Augmented Reality: An Eye-Popping New e-Learning Tool
Documentation and e-Learning (Part 5): Augmented Reality: An Eye-Popping New e-Learning Tool
Author: Dave Boggs
As I described last time, dynamic web data and web-cam feeds are marvelous ways to hold learners' interest, by exposing them to live real-world resources. This is especially true in subjects like astronomy, geology, and marine biology. But how can an e-Learning system teach people to repair a car, run a factory-floor machine, or do some other complex real life activity? Computer simulations can demonstrate such things, but real interactive learning experiences would be better.
[caption id="attachment_246" align="aligncenter" width="500"] Augmented Reality: An Eye-Popping New e-Learning Tool[/caption]
That's where a powerful new training technology called Augmented Reality (AR) can help. What you are about to see may seem unbelievable, but people are doing it now with available software on regular PCs. And their AR-based content can be delivered today on the SyberWorks Training Center or any other LMS that supports web-based courses.
Mixing Real and Virtual
Augmented Reality is the mixing of live web-cam feeds with computer-generated data, images, UI elements, and text. This is NOT the same as the pre-packaged special effects that Hollywood has been feeding us for decades. AR mixes dynamic computer-generated images with real-time feeds from PC web-cams.
Companies have been developing this technology since the early 1990s. And you can discover more about it by Googling "augmented reality" PLUS:
You'll discover a lot. At this writing, for example, YouTube hosted some 8,000 videos about AR. And when I did those searches, here are four of the best AR demos that I found (be sure to turn your PC speakers on):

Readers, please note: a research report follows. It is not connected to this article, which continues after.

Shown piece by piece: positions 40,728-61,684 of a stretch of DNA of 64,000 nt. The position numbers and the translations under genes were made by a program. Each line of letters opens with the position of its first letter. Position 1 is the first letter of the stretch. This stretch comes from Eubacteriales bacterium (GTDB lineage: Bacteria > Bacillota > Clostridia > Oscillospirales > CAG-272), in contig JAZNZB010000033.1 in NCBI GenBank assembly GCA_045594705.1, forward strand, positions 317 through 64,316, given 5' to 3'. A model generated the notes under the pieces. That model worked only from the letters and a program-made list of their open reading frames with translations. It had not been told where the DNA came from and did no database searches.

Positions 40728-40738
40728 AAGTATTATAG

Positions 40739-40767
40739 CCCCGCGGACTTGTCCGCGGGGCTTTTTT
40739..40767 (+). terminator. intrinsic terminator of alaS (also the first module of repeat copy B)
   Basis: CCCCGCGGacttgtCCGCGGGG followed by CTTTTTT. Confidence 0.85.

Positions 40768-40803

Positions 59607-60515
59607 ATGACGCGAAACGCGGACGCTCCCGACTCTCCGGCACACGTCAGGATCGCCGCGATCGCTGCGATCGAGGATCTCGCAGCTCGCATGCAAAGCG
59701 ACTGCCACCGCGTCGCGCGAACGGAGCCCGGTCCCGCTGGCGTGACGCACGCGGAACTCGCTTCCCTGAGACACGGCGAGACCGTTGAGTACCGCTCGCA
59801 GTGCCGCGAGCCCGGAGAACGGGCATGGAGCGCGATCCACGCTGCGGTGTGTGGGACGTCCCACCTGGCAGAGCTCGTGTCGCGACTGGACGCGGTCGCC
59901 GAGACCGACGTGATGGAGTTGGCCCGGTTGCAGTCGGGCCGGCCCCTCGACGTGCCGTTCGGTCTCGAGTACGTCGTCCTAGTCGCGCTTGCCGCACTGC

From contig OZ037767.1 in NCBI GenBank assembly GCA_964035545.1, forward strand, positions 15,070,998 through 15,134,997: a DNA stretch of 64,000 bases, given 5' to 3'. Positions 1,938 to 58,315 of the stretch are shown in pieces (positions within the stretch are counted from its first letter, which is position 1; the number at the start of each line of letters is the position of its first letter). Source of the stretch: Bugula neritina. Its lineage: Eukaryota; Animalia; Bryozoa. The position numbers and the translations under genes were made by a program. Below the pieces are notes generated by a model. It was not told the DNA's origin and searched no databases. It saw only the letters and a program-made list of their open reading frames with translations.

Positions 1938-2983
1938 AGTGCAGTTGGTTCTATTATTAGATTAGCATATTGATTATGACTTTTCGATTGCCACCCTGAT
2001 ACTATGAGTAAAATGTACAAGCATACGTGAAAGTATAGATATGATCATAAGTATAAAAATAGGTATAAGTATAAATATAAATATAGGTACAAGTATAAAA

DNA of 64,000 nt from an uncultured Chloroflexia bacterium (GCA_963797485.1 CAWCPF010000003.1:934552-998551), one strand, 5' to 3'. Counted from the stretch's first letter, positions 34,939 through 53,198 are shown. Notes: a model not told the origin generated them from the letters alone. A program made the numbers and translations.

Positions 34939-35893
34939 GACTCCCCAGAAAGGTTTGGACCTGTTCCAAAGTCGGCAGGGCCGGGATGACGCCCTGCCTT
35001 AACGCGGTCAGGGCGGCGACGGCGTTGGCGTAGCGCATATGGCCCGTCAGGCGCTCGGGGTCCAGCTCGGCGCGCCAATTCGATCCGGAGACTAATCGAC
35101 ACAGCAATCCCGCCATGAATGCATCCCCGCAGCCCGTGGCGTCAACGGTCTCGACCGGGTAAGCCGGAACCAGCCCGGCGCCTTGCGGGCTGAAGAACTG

• Here's a popular demo from GE (click the "See How It Works" link in the window that opens): ge.ecomagination.com/smartgrid/?c_id=googaugreal&gclid=CPP14ZXW-Z4CFag65QodPGAWJA#/augmented_reality
• This BMW video may be the best example I found of using AR to teach users a real-life process (car repair), and then guide trained repairmen on the shop floor: youtube.com/watch?v=P9KPJlA5yds&feature=related
• Imagine how you might apply the technique shown in this next video to the printed materials that your students use, or that instructors display on monitor screens: youtube.com/watch?v=iT2ek8N0VlY&NR=1
• Homeland Security even has this high-end firefighting/haz-mat application, which trains professionals realistically, but without exposing them to harm: fdnntv.com/review.asp_Q_reviewID_E_6_A_title_E_Augmented_Reality_Training_Unit
And if you want to see more, here you go:
Many AR applications use available software and web cams. Some (such as the Homeland Security and car-repair examples) involve special goggles. But many more let people view AR content directly on PC screens. In most of these, users hold black-and-white pattern cards (called "markers") in front of their PC web cams. These markers tell PCs which images to display, the data to show about them, and how this "virtual content" should change as students move the markers in front of the web cams.
But while viewing AR videos, please think about how the underlying capabilities shown might work in your training projects. This video of virtual water bouncing off a poor researcher
( http://www.youtube.com/watch?v=-NAH5vlkgkk&feature=related ) brings a smile, but its important point is the "physical" real-time interaction between the man and the dynamic computer-generated objects.